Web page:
U.S. Pat. No. 4,514,680 discloses a method for detecting knots in lumber, by transmitting microwaves through the lumber from two sources of the same intensity, but with a 180 phase shift. Transmitted microwaves are detected on the opposite side of the lumber. If the lumber is knot-free, there is a null in the microwave field at the detectors, but if a knot is present the phase and amplitude of microwave radiation at the detectors are altered.

U.S. Pat. No. 4,581,574 discloses a method for determining the average dielectric constant of a dielectric material having a conductive surface, by transmitting microwaves from two transducers into a sheet of the material, and making measurements of the energies of reflected microwaves. By measuring average dielectric constants along a plurality of paths in the plane of the sheet, locations of variations within the sheet may be identified.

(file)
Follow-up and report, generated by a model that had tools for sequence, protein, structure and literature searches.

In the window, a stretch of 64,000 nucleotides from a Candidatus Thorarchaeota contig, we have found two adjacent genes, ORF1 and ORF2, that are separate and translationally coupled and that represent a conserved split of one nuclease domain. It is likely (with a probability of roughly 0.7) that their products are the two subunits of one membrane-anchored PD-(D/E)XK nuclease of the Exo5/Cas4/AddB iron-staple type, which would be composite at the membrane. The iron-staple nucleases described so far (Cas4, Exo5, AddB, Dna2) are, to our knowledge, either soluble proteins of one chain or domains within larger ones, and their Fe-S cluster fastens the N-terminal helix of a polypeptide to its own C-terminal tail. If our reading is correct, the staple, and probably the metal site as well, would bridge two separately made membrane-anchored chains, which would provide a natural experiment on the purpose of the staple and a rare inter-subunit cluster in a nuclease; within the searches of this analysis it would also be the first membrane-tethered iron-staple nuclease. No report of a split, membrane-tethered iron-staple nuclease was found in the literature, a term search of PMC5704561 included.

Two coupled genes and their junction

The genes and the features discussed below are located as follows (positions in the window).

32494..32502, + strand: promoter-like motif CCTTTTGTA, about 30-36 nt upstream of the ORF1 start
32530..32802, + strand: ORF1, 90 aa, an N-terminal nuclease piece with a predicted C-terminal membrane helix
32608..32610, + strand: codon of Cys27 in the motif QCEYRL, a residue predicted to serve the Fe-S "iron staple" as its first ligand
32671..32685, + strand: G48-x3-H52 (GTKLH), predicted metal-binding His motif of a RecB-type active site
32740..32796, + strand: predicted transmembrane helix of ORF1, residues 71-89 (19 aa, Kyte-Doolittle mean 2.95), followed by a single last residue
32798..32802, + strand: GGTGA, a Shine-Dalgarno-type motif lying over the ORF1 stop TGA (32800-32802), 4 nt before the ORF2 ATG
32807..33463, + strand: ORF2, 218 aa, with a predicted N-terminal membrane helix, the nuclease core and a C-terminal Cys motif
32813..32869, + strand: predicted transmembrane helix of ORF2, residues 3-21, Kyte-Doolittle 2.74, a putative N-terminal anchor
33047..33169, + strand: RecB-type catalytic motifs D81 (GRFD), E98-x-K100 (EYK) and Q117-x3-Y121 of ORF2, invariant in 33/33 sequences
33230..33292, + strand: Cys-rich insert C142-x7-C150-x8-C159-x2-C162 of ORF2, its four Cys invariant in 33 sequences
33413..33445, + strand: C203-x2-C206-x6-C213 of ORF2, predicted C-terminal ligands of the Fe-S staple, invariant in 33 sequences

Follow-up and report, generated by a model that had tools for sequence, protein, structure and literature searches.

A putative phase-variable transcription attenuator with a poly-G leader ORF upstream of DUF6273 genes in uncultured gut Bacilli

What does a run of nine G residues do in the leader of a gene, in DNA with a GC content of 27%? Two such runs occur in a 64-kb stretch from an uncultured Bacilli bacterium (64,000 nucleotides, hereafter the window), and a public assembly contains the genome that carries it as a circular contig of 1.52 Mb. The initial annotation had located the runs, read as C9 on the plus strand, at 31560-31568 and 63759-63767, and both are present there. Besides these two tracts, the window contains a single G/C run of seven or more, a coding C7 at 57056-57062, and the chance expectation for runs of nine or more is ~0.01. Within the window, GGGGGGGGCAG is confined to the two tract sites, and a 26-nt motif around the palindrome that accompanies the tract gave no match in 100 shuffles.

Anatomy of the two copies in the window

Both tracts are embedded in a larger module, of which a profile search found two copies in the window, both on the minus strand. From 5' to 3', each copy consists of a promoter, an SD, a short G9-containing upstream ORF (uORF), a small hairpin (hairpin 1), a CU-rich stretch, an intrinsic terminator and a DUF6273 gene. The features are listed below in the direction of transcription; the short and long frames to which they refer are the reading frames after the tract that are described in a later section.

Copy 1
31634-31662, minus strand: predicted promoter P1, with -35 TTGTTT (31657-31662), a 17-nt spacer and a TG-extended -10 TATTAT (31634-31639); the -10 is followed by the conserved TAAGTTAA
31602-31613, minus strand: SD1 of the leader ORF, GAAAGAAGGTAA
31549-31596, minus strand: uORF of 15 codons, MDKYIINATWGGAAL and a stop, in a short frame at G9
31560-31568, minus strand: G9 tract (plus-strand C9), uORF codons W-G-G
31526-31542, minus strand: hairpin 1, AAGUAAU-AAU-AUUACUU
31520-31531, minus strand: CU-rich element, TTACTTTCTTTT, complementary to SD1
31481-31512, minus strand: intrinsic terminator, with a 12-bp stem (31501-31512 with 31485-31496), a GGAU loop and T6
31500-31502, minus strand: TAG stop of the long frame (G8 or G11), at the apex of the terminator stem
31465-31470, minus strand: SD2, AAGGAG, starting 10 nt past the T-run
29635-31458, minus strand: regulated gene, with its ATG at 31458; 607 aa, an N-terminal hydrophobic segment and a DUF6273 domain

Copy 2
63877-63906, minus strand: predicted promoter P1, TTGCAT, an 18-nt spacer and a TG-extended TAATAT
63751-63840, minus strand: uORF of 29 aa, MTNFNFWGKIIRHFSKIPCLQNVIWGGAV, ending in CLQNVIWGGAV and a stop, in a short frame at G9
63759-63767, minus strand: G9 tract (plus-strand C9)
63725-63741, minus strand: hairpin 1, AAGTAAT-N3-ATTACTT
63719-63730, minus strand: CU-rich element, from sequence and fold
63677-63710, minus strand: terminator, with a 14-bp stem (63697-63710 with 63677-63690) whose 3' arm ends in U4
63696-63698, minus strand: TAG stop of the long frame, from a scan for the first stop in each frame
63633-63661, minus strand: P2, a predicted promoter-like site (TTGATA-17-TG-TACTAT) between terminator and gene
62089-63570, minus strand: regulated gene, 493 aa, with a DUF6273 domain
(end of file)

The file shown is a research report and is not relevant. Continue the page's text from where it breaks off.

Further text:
U.S. Pat. No. 4,274,288 discloses an acoustic, interferometric method for measuring the depth of a surface flaw such as a crack.

U.S. Pat. No. 4,087,746 discloses a method for determining optical anisotropy in a dielectric material by measuring changes in the polarization of microwaves transmitted through the material.

U.S. Pat. No. 6,172,510 discloses the probing of targeted portions of a layered material by microwave radiation focused onto the targeted portion by adjustment of antenna position and orientation establishing a single oblique incidence path for reflection of antenna emitted probing radiation. Signal measurements of the radiation along the oblique incidence path are obtained to provide for evaluation and detection of defects in the targeted portion of the structure being probed.